In our early spring issue, we shine a spotlight on women who work in the background. And we discovered these women are definitely no shrinking violets... Meet horsemaster Camilla Naprous, who coordinates all the horsey stunts and tricks in Game of Thrones...
"I supply horses to the film industry. So any period movie or TV drama you watch that has a horse in it, I’m usually involved. I choreograph all the horse scenes, stunts and fight sequences. I also teach the actors how to ride – which can be interesting, some actors are in their fifties and have never even sat on a horse before. I recently got back into costume and performed as a stunt woman in the new Wonder Woman. But, these days, I prefer being part of the creative side. There’s so much risk involved in stunts and it takes me ages to recover now I’m in my thirties – the people get hurt way more than the horses.
"The stunt and horse industry is usually ran by men – in fact, the film industry as a whole is very male dominated – so I’ve had hurdles to cross. It can work in my favour, though, especially when teaching a woman to ride – it’s an emotionally-charged experience and a woman may feel overpowered by a man.
"The biggest TV show I work on is Game of Thrones, which has legendary horse-based episodes. Sometimes, we’ll have as many as 100 horses on set. And I’m in charge of them. I choreographed the Dothraki charge in season 7 – the directors told me I could create anything I wanted. It was the first time you see the Dothraki do something, so I designed the sequence to show off that they were accomplished horsemen. It has become iconic. And ‘Battle of the Bastards’, which features horses who are trained to fall over, was a great episode to work on – that’s one of my stand-out pieces of work. It has become critically-acclaimed in my world.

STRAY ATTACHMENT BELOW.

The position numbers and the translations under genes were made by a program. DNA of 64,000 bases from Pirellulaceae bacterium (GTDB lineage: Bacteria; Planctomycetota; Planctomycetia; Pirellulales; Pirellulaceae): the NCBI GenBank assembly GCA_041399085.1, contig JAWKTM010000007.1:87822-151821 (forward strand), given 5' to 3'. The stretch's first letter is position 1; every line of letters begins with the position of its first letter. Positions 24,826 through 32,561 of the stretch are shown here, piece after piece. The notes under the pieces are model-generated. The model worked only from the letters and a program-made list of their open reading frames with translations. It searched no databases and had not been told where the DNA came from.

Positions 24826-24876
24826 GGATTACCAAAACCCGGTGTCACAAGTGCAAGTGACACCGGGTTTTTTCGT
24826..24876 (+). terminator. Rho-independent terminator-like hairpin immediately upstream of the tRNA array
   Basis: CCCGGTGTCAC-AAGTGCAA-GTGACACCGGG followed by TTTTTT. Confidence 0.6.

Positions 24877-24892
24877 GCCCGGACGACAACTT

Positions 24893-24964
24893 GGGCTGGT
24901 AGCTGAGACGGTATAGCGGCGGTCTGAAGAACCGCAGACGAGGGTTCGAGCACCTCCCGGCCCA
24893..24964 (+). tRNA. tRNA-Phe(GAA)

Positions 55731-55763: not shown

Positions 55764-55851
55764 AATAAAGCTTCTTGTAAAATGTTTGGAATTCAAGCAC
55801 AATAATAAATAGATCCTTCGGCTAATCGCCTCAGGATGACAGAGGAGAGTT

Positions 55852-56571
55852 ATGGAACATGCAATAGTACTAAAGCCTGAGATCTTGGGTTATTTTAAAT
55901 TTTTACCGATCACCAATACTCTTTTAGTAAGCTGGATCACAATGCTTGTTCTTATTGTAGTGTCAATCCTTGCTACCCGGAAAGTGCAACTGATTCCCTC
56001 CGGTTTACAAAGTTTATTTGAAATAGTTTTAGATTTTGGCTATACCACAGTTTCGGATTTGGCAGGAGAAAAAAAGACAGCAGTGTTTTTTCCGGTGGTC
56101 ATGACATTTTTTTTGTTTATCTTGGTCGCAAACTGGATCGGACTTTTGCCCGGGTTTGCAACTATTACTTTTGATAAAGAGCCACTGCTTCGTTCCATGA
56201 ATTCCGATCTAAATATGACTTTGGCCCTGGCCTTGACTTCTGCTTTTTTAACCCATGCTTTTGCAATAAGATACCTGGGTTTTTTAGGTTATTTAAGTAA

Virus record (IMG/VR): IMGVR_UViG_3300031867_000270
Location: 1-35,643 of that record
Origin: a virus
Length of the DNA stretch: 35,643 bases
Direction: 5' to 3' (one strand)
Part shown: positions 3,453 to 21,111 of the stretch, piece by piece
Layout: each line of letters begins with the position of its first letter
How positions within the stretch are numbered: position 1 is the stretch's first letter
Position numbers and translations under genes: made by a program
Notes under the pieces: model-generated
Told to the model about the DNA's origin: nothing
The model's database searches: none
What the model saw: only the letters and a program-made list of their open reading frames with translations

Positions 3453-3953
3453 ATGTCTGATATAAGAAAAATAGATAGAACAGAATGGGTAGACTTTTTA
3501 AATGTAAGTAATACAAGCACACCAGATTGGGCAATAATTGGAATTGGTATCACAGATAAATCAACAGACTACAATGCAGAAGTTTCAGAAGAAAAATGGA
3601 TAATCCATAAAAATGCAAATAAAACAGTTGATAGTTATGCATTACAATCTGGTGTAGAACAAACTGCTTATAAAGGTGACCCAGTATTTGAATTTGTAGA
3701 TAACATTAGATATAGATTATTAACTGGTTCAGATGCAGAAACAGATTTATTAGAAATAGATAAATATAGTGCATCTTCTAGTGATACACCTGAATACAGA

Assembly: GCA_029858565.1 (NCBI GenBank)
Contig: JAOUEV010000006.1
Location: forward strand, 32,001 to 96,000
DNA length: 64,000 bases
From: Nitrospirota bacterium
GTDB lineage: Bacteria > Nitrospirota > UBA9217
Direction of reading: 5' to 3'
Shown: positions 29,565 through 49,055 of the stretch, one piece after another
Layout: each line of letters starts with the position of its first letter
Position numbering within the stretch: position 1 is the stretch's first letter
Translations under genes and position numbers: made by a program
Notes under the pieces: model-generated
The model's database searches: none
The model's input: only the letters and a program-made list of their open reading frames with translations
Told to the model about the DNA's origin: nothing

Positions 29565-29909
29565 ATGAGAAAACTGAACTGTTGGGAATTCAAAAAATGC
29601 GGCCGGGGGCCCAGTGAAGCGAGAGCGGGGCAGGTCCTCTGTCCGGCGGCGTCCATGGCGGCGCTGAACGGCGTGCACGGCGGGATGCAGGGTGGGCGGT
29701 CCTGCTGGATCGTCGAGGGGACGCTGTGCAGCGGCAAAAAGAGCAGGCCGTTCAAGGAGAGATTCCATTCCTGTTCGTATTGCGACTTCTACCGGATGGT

"However, our department is never truly recognised by the industry – we’re really sitting in the background, working creatively. I’m not a production, make-up or costume designer so my work can’t get recognised. The stunt world is ignored by the Oscars, the Emmys and the BAFTAs. Action is a huge part of some films, so I don’t understand why. Perhaps it might change soon. I don’t want my industry to remain hidden, I want to show the future generation of female horsemasters what they can achieve. I’m a big believer in women working together, rather than getting to the top by being very alpha. Some women stand on their own, not working together, and I don’t want to be like that. You’re only as good as the team around you. There’s no need to be a bitch, you can’t do everything on your own."
You can read about three more wonderful women doing brilliant things – a fashion designer, a ghostwriter and a supernumerary – in our early spring issue, available to purchase here.